Seafood Pasta Salad

Journal as: 1 entrée salad with meat/fish with light dressing + 1/2 cup starches without fat.

A recipe posted on "The Recipe Doctor" message board by one of our own wonderful Weight Loss Clinic members ("evlw") inspired this light recipe. If you want four servings, double the ingredients.

6 ounces cooked shrimp (deveined and without tails), or crabmeat or imitation crabmeat
2 cups cooked, whole-wheat blend pasta, cooled
2 celery heart stalks, finely chopped
2 finely chopped green onions, white and green parts
1/4 large sweet red pepper, finely chopped

1/4 cup plain yogurt (whole or low-fat)
2 tablespoons bottled light Caesar dressing (or light Italian dressing)
Black pepper to taste
1/4 teaspoon dill (optional)

  • Add seafood, pasta, celery, green onion, and red pepper to medium serving bowl.
  • In small bowl or 1 cup measure, add yogurt and Caesar dressing and whip together with fork or whisk. Add black pepper and dill to taste, if desired. Stir into serving bowl with pasta and seafood and serve!

Yield: 2 servings

Per serving: 316 calories, 27 g protein, 42 g carbohydrate, 5.4 g fat (1.5 g saturated fat, 0.6 g monounsaturated fat, 1 g polyunsaturated fat), 170 mg cholesterol, 6.1 g fiber, 409 mg sodium. Calories from fat: 15%.

Mediterranean Chicken Salad

Journal as: 1 entrée salad with meat with light salad dressing + 1/2 cup vegetables with no added fat + 1 teaspoon olive oil

1/2 cup dried orzo (rice-shaped pasta), about 3 ounces
2 tablespoons extra-virgin olive oil
1 tablespoon tomato paste
2 tablespoons water or condensed chicken broth
3 tablespoons vinegar of your choice (rice, tarragon, balsamic, etc.)
1 tablespoon chopped fresh tarragon (optional)
2 teaspoons fresh lemon juice
2 teaspoons Dijon mustard
Pepper to taste (add salt to taste if you wish)
3 cups diced cooked chicken breast (about 4 breasts, or the meat shredded from a rotisserie chicken)
1 1/3 cup cherry tomato halves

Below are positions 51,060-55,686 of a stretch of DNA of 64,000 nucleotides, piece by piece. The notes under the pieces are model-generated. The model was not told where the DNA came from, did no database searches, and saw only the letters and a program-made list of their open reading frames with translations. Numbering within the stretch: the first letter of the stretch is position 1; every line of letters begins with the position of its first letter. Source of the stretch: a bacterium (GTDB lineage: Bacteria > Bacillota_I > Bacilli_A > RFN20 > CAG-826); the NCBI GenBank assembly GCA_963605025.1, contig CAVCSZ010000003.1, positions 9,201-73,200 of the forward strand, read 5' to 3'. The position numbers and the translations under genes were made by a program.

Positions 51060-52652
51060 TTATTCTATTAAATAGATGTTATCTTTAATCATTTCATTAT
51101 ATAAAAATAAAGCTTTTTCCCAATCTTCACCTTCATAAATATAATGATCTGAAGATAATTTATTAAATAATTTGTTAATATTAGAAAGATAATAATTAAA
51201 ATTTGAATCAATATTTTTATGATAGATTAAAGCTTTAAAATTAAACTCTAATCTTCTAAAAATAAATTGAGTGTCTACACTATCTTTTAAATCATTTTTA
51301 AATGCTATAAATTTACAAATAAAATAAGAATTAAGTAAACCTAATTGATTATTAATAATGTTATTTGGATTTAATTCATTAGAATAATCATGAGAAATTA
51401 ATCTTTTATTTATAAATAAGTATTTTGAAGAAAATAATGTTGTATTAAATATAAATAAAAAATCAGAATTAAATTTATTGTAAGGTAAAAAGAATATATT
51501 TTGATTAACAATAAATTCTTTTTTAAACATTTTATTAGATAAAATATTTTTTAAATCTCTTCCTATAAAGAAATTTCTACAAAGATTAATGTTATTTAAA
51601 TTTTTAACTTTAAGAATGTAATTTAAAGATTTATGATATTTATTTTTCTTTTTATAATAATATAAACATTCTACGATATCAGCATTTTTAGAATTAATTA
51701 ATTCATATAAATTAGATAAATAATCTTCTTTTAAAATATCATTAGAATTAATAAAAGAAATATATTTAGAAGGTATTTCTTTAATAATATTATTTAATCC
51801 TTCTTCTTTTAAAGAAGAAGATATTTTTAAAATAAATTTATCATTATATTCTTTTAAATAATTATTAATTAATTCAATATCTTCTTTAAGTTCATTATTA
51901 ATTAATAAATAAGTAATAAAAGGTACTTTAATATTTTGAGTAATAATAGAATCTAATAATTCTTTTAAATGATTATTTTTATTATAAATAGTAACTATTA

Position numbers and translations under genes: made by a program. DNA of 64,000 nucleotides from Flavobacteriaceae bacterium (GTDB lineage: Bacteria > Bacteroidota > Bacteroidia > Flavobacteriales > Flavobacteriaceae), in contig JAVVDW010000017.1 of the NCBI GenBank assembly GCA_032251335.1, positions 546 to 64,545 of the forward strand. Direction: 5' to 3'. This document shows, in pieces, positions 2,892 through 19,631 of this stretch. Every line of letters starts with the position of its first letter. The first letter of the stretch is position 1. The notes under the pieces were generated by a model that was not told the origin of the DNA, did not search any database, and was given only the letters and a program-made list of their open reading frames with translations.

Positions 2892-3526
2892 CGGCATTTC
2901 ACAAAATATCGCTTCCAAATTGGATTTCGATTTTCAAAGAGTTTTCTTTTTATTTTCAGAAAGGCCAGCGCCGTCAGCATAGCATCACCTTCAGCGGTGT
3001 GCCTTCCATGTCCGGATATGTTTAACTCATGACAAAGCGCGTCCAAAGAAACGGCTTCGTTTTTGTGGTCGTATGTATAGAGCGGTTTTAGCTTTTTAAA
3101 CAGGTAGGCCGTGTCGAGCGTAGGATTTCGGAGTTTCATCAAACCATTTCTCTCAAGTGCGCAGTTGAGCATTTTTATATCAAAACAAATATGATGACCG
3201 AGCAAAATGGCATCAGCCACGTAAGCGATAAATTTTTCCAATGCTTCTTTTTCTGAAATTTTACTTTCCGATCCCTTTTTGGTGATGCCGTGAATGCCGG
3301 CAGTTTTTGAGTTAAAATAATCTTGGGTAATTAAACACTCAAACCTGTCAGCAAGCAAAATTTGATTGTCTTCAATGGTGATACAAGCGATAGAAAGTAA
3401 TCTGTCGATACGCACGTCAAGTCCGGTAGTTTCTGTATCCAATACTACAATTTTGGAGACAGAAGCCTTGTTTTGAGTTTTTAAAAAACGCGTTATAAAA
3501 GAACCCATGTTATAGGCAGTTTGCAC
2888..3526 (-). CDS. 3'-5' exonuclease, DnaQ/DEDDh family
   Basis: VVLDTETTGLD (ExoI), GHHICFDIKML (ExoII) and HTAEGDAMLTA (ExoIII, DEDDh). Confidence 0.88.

6-ounce jar marinated artichoke hearts, well-drained, rinsed, and chopped
1/2 cup coarsely chopped kalamata olives
1/4 cup dried currants (optional)
1 1/2 tablespoons drained capers
4 tablespoons toasted pine nuts* (optional)

  • Cook orzo in a medium saucepan of boiling salted water until just tender but still firm to the bite (about 8 minutes). Rinse under cold water, drain well, and let cool. Put in a medium bowl.
  • Add olive oil, tomato paste, water, vinegar, fresh tarragon, lemon juice, and mustard to a small bowl or food processor, and pulse or whisk to blend well. Season dressing to taste with pepper and salt, if desired.
  • Add chicken to cooked orzo along with tomatoes, artichoke hearts, kalamata olives, currants, and capers. Drizzle dressing over the top, and toss.
  • Serve each large scoop of chicken salad on a bed of romaine or spinach leaves, and sprinkle toasted pine nuts over the top.

Yield: 4 servings

Per serving: 365 calories, 38 g protein, 23 g carbohydrate, 13 g fat (2.3 g saturated fat, 8 g monounsaturated fat, 1.9 g polyunsaturated fat), 90 mg cholesterol, 4.3 g fiber, 700 mg sodium. Calories from fat: 33%.

*Toast the pine nuts in a toaster oven until golden brown, or put in a nonstick frying pan and heat over medium heat, stirring often, until golden brown.